Identical triplet brothers have been arrested and charged in connection with operating a drug ring that is believed to have supplied altered Xanax bars containing the the highly deadly opioid, fentanyl, to area teenagers in Raleigh, North Carolina.
The 21-year-old Dossou brothers, named Atsou, Atsouste and Etse, were each arrested on May 31, and charged with vary degrees of offenses related to their alleged possession, manufacture, intent to sell, actual sale and trafficking of schedule IV drugs.
The arrests came after police used a confidential informant to contact Atsouste and arrange for the successful delivery of 1,000 manipulated Xanax bars, authorities said.
‘I didn’t expect that out of him,’ Victor Vinson, a long-time neighbor who knew Atsouste from around their luxury apartment building, told CBS. ‘He was a real good person.’
He added: ‘You never know who your neighbor is. We expect our neighbor to be a positive person, but you never know.’
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In August 2017, Raleigh policed learned through Garner Police that an informant had claimed the brothers would order as many as 10,000 fentanyl pills and 100,000 Xanax pills from the dark web at a time, warrants said.
The brother would have the drugs shipped to multiple locations ‘associated with Este Dossou and his criminal enterprise,’ and would then press their own bars. This would allow them to cut the Xanax bars with the much cheaper, and highly deadly, fentanyl, which is ’50 to 100 times more potent’ than morphine, according to the National Institute on Drug Abuse.
‘Fentanyl is a class of drugs which includes fentanyl itself and then other fentanyl analogues and so far in the US we’ve seen between somewhere between 15 and 30 different analogues show up in the illicit drug supply,’ Dr. Christopher Jones of the Substance Abuse and Mental Health Services Administration (SAMSHA) said.
‘I think it’s really this emergence of such a variety of synthetic opioids that is also leading to the rise in overdose deaths because the drug supply is unpredictable and individuals who are using drugs don’t particularly know exactly what they are using.’
Drug overdose deaths have now become the leading cause of accidental deaths in the US with 52,404 fatalities in 2015, according to the American Society of Addiction Medicine.
It’s believed that Atsouste, Etse and Atsou were ‘major suppliers’of Xanax to Holly Springs High School students, the warrants said.
The arrests came after a police informant contacted Atsouste through a Facebook message in March, and arranged a successful delivery of 1,000 counterfeit Xanax bars, which the police took into evidence, according to warrants.
Police identified Atsouste, who was driving a red Porsche Cayenne, as the person who made the delivery, they said.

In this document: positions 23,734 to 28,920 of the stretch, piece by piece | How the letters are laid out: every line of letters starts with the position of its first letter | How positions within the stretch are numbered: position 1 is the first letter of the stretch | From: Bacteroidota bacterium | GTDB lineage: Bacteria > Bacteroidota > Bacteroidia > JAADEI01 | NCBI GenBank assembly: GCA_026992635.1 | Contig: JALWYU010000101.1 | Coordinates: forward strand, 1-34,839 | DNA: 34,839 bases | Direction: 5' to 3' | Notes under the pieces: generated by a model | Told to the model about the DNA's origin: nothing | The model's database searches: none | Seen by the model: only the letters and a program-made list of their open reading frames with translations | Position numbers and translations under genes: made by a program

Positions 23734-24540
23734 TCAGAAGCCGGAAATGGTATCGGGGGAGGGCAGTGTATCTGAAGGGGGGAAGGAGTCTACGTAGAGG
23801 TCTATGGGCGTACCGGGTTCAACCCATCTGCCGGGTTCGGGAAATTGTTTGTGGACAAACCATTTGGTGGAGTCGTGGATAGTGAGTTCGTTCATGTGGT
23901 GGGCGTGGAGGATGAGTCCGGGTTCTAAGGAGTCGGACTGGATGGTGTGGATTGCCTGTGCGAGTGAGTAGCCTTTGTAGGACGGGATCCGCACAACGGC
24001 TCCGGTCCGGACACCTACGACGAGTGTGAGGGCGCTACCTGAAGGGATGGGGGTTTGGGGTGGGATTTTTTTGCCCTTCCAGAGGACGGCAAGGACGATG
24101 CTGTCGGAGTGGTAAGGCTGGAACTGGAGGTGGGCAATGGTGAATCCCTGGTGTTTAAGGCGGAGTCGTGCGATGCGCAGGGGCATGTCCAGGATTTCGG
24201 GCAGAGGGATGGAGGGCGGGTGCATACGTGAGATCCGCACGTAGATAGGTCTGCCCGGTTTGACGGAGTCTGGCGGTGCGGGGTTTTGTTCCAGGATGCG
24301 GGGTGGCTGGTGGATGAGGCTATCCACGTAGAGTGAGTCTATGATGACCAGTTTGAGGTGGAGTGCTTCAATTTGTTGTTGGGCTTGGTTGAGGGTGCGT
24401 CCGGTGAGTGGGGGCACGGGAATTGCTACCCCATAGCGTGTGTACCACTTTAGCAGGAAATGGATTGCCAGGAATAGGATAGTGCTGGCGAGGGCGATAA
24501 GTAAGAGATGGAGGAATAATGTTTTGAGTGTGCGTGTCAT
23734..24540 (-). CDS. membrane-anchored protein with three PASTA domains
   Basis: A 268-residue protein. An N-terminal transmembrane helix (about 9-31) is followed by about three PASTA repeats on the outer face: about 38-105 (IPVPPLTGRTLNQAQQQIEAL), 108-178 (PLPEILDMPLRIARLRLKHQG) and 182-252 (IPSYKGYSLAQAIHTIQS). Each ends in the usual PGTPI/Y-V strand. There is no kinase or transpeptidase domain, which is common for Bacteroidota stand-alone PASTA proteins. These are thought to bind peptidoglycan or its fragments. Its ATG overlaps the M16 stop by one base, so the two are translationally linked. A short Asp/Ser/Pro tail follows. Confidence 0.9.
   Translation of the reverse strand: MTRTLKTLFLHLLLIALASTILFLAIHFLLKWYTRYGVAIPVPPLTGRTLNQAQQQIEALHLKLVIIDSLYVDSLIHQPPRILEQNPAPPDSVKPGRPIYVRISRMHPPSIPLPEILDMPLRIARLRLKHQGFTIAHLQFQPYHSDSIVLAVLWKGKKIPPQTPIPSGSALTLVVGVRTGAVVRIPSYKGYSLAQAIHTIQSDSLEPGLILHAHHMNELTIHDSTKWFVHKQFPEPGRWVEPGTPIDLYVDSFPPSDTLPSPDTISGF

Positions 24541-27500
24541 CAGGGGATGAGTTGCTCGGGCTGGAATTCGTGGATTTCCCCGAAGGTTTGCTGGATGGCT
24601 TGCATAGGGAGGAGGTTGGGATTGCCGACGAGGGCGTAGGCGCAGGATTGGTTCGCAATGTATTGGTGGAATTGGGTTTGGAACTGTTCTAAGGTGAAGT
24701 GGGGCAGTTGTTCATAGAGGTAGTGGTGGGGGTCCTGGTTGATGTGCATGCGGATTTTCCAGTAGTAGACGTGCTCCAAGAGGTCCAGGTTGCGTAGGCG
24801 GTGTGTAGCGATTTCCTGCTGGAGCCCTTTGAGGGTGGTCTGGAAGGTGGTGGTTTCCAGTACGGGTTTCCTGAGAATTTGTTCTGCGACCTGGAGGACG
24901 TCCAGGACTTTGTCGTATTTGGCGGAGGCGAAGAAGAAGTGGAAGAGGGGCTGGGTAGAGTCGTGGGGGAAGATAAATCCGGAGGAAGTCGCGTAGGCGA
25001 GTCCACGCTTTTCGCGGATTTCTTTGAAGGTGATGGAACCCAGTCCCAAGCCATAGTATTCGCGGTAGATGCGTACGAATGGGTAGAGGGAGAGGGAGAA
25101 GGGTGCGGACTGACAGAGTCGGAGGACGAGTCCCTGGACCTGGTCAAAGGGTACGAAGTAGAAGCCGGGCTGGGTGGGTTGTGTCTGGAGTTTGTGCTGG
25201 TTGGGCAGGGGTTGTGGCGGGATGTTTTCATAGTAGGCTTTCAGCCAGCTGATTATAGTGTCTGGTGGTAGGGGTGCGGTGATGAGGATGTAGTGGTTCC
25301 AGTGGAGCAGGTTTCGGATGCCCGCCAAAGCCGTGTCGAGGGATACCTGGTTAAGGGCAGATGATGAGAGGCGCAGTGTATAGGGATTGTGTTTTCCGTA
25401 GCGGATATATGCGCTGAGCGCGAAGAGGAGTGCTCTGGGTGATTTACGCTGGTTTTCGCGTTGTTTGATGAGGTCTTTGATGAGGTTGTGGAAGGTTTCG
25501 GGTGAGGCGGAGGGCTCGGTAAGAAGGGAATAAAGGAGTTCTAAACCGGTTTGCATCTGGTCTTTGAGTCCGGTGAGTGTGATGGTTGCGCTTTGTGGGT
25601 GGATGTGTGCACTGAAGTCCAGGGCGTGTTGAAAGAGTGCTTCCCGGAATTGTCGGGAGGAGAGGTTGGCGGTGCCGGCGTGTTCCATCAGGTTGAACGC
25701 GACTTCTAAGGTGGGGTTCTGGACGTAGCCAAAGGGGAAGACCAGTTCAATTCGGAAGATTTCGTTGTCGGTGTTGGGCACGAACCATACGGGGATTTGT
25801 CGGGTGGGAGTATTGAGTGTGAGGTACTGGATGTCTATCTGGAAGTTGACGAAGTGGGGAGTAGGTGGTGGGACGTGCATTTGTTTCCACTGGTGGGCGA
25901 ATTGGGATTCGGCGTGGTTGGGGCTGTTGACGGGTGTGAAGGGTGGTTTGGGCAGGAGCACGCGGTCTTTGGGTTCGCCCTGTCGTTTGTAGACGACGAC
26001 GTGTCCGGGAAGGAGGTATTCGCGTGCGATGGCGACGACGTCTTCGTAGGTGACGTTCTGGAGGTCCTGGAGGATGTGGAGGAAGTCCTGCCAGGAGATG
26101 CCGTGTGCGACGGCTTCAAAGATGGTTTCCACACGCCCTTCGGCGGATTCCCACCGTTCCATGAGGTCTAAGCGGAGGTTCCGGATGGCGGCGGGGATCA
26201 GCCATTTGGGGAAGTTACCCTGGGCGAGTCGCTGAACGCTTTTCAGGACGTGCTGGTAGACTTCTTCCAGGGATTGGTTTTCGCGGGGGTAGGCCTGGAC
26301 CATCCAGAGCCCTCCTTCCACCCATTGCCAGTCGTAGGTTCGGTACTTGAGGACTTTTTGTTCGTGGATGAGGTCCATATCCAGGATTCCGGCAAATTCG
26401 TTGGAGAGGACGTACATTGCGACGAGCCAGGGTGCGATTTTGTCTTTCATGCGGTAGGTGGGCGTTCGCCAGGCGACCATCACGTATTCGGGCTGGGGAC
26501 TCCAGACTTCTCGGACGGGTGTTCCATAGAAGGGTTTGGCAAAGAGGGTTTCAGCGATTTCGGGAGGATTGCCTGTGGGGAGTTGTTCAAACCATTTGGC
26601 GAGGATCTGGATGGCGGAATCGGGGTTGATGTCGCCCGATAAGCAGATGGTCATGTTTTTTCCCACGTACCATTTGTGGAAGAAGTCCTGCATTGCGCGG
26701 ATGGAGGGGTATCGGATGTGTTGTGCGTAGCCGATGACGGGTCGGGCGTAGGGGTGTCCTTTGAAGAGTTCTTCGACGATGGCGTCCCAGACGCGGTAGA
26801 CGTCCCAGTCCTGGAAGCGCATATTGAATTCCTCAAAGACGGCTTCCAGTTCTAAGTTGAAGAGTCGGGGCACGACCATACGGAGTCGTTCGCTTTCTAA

Also in March, an informed tried to arrange another delivery of 1,000 more counterfeit Xanax bars, to which Atsouste first implied he was ‘re-upping’ or replenishing his stock, before he could fulfill the request.
Police said later that day, they observed Atsouste traveling to a gas station off of Jones Sausage Road and switching vehicles, to return three hours later.
At that point, police said he contacted the informant and let that person know he could then make the sale.
According to warrants, Este lives at The Hue Apartments on Hargett Street, and Atsouste lives at the SkyHouse Apartments on S. Blount Street.
Police believe Atsouste received a pill press and supplies to make counterfeit pills through the mail at his SkyHouse residence, in part based on a clerk’s statement that he had received numerous packages at the address over the past several months.
‘It’s amazing, behind closed doors, what goes on that could be a major criminal enterprise, and what’s being checked in through the front door,’ Keith Allen, another area resident said. ‘It’s astounding really.’
Atsou Dossou Sr., the father of the men remained hopeful the for the future of his sons, who came to the US at the age of seven from West Africa.
‘You can have children who can grow up well, but who go stray a little bit. But we have hope that we will have them back,’ he said.
Atsouste has been charged with selling and delivering a schedule IV drug, and possession with the intent to manufacture, sell, and distribute a schedule IV drug.
Etse has been charged with conspiracy to sell and deliver a schedule IV drug, and conspiracy of possession with the intent to manufacture, sell and distribute a schedule IV drug.
Atsou has been charged with trafficking opium or heroin, and possession with the intent to manufacture, sell and distribute a schedule IV drug.
Fentanyl is a Schedule II drug, which means it’s consider to have ‘a high potential for abuse, with use potentially leading to severe psychological or physical dependence,’ according to the DEA.
Xanax is a Schedule IV drug, and it thought to have ‘a low potential for abuse and low risk of dependence.’
Heroin is a Schedule I drug, ‘with no currently accepted medical use and a high potential for abuse.’
Atsouste will appear in court in July, while Atsou and Este have their next court appearances scheduled for September 11.
SAMHSA’s National Helpline, 1-800-662-HELP (4357), (also known as the Treatment Referral Routing Service) or TTY: 1-800-487-4889 is a confidential, free, 24-hour-a-day, 365-day-a-year, information service, in English and Spanish, for individuals and family members facing mental and/or substance use disorders.